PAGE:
Losing Hope In The 'Change' | Morakinyo Babajide-Alabi
Newspaper Column

Losing Hope In The ‘Change’

By M. Babajide Alabi
Published in the Sunday Vanguard of August 14th 2016.

“If you lose hope, somehow you lose the vitality that keeps life moving, you lose that courage to be, that quality that helps you go in spite of it all,” Martin Luther King.

Everyday common  men and women in Nigeria are wondering if their country would ever be great again. And while at it, they are losing hope on the possibility of this once great country ever returning to the glorious days. The thought of a no way out is disappointing and frustrating.

Just a little over a year ago, these same citizens were full of hope of a better tomorrow. The tomorrow they hoped  would put an end to the misery and frustrations of yesterdays. The stumbling block in the way of breakthrough and prosperity was the election of May 2015. At that time the hope in Nigeria’s tomorrow was infectiously high.

This hope was decorated in the colours of change. It is said hope is a great tonic to keep a man alive, in the face of adversities. Nigerians were confronted with failing currency, collapsing economy and a total drop in their living standard. But there was a campaign of change which heightened this hope in a better tomorrow. At this time, they easily swallowed every lie presented by political leaders as ways out of their present miseries.

Because these citizens were down already, they feared no fall by holding on  to the “straws” of promises presented by the deceptive politicians.  Trust Nigerian politicians, they know how to work their magics. They sold a project they knew would not fly to the masses. The politicians sang while the masses chorused “change”

What happened in the country in the countdown to the 2015 elections is history. Heaven on earth was promised citizens if they voted the All Progressives Congress (APC). There were forecast from notable Nigerians, who on hindsight now were merely seeking relevance, that Nigeria would be an eldorado once the APC candidate was voted in. Nigerians were assured that the price of fuel, a major source of concern, would fall miraculously to as low as forty Naira. There were billboard messages to remind Nigerians that a vote for Muhammad Buhari guarantees a safe landing for Naira to be at par with the US Dollar on the foreign exchange market.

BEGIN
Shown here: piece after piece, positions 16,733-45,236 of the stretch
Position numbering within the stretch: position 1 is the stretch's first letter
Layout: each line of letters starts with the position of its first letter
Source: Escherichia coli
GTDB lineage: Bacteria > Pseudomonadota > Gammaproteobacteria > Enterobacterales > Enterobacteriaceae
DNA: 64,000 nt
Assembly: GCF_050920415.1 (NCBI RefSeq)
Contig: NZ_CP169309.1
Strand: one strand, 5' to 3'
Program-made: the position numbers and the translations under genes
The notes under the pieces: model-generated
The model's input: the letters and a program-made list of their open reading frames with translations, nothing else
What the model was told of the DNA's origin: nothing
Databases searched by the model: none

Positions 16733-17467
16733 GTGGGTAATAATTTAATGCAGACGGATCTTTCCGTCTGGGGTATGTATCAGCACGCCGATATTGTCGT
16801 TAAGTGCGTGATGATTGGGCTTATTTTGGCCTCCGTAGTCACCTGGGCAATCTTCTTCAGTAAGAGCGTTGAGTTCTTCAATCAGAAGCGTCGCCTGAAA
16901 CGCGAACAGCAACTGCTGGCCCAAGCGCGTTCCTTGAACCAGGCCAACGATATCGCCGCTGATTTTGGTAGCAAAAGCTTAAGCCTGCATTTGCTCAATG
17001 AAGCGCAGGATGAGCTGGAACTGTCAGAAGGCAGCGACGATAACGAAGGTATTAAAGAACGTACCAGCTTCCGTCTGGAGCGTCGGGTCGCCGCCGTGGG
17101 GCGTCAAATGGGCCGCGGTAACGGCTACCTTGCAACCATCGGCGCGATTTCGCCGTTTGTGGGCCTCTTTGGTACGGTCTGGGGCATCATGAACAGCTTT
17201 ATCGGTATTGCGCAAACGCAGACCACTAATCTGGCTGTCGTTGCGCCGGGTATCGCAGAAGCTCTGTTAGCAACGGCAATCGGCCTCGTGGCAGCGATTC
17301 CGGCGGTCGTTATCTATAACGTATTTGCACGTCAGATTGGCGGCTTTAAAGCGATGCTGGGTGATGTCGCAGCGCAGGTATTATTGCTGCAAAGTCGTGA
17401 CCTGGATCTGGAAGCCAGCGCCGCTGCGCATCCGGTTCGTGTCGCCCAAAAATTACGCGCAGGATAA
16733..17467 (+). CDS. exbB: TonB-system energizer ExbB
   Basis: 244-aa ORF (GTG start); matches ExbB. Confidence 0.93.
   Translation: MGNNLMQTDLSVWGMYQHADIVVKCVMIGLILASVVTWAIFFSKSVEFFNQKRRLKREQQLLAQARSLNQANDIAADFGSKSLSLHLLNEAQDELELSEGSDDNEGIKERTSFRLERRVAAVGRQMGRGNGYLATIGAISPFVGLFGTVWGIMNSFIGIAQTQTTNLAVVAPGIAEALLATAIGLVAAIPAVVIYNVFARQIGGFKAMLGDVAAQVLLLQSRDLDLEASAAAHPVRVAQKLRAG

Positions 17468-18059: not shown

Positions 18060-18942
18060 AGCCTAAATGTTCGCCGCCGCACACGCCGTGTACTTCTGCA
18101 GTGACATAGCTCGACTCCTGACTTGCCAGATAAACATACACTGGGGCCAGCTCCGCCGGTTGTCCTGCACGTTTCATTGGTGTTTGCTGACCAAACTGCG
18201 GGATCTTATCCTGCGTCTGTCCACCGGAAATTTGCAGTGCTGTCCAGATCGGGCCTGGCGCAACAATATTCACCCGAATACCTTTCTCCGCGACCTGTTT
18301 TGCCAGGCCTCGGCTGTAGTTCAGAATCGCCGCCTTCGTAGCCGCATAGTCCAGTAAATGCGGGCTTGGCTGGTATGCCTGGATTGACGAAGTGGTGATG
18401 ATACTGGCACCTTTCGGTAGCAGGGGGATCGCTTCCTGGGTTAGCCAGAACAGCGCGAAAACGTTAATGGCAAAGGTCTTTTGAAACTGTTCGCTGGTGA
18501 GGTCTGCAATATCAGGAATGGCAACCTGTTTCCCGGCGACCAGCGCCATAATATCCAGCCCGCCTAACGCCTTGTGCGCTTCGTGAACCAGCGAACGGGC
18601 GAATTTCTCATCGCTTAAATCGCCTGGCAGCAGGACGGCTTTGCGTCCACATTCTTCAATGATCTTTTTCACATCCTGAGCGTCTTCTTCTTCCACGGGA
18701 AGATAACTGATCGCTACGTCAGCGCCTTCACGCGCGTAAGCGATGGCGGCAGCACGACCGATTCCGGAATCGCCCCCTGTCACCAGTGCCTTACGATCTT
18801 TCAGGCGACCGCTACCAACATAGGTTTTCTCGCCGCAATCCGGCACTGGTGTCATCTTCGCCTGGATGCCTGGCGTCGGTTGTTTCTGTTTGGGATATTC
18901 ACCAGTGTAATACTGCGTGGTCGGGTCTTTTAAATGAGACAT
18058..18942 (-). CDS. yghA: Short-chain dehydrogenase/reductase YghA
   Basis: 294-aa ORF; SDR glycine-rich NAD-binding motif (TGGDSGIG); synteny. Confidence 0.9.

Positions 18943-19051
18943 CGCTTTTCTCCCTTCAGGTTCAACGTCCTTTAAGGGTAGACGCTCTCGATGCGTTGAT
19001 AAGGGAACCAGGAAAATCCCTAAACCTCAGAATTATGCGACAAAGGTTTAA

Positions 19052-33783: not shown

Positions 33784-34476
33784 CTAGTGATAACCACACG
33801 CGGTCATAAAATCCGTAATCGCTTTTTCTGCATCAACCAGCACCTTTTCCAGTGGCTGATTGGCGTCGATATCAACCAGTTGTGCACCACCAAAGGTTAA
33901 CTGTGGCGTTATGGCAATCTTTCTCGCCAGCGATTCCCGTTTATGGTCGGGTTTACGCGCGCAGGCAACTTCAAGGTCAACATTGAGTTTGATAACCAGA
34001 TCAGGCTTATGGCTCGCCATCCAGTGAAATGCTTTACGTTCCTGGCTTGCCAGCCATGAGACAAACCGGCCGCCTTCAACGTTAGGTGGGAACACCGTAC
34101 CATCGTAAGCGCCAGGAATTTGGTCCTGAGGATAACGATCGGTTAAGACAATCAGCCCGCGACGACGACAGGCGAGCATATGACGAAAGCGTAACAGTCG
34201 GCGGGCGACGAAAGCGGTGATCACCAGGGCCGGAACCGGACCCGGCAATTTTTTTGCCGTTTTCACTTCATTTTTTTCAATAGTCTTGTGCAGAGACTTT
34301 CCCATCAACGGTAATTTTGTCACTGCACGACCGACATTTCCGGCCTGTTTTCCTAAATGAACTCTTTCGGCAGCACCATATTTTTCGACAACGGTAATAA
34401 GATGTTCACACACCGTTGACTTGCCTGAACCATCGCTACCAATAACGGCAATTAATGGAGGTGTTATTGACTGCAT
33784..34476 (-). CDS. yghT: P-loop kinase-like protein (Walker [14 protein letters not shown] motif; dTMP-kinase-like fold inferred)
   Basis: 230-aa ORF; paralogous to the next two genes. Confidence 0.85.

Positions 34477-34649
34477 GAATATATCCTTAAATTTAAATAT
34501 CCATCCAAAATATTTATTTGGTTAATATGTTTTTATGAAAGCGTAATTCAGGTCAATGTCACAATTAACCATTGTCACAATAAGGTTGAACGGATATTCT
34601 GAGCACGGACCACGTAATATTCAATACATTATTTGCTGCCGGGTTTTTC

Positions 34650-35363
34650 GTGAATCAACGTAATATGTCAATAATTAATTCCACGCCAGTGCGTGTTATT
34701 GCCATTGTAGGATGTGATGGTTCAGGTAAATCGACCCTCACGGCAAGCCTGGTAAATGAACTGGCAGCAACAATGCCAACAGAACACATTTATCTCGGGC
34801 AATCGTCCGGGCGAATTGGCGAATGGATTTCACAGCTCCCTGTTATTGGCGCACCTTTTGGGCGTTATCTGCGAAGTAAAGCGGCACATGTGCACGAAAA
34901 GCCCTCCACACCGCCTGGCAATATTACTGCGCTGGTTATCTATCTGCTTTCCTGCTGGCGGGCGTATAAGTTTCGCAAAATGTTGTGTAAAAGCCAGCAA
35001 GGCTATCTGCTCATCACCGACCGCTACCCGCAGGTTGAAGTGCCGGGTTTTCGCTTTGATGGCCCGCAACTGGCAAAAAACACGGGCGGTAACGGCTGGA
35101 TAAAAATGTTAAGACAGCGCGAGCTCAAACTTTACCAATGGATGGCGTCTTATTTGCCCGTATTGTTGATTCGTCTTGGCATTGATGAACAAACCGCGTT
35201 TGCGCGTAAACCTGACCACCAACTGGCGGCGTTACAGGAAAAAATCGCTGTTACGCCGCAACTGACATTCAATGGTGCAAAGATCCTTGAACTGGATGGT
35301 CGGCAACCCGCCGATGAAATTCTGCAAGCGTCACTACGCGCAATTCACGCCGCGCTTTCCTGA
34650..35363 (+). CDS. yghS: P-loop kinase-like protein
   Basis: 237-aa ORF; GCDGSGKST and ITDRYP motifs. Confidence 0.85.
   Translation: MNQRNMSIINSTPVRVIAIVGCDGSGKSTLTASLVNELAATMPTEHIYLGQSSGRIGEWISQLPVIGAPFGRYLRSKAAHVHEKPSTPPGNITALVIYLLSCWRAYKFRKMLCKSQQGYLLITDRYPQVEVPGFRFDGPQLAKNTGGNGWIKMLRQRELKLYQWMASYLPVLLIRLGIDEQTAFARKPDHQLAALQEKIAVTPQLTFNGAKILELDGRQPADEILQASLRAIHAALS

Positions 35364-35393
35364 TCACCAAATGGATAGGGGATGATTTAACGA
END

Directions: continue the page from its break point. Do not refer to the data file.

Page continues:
The stakes were too high for Nigerians to vote otherwise. They saw hope in the change being canvassed and were not ready to let go of a not too distant future where power supply will be constant for twenty four hours, and poverty will be a thing of the past. A new tomorrow where tales of fuel queues would be impossible to tell to generations coming.

Unfortunately, while it is good to hope, it can at the same time be dangerous, as it has no time span. There are many people who had hoped through their life time only to die without any tangible grasp of what is hoped for. In Nigeria, hope can be used interchangeably with change. In this terrain, they are both futuristic.

We have heard various definitions of change from Nigerian politicians’ dictionaries. Change means so many things to different people. Change, according to some, is patience, while to others it is the ability to keep quiet in the face of deteriorating economy, citizens’ lifestyle and poverty. In Nigeria, change is a future word that has no “sell by” date. It is very elastic and can be stretched in whatever time “space” for whatever purpose our politicians desire.

We have celebrated change in Nigeria in many ways. Our politicians and their apologists are always quick to make us aware of these changes when they happen. Remember a few weeks into the Buhari administration, we were told the president’s “body language” stabilised power supply and conquered the mighty fuel queues. They claimed the currency firmed up against major currencies. On social media we hailed and clapped that the change had finally come.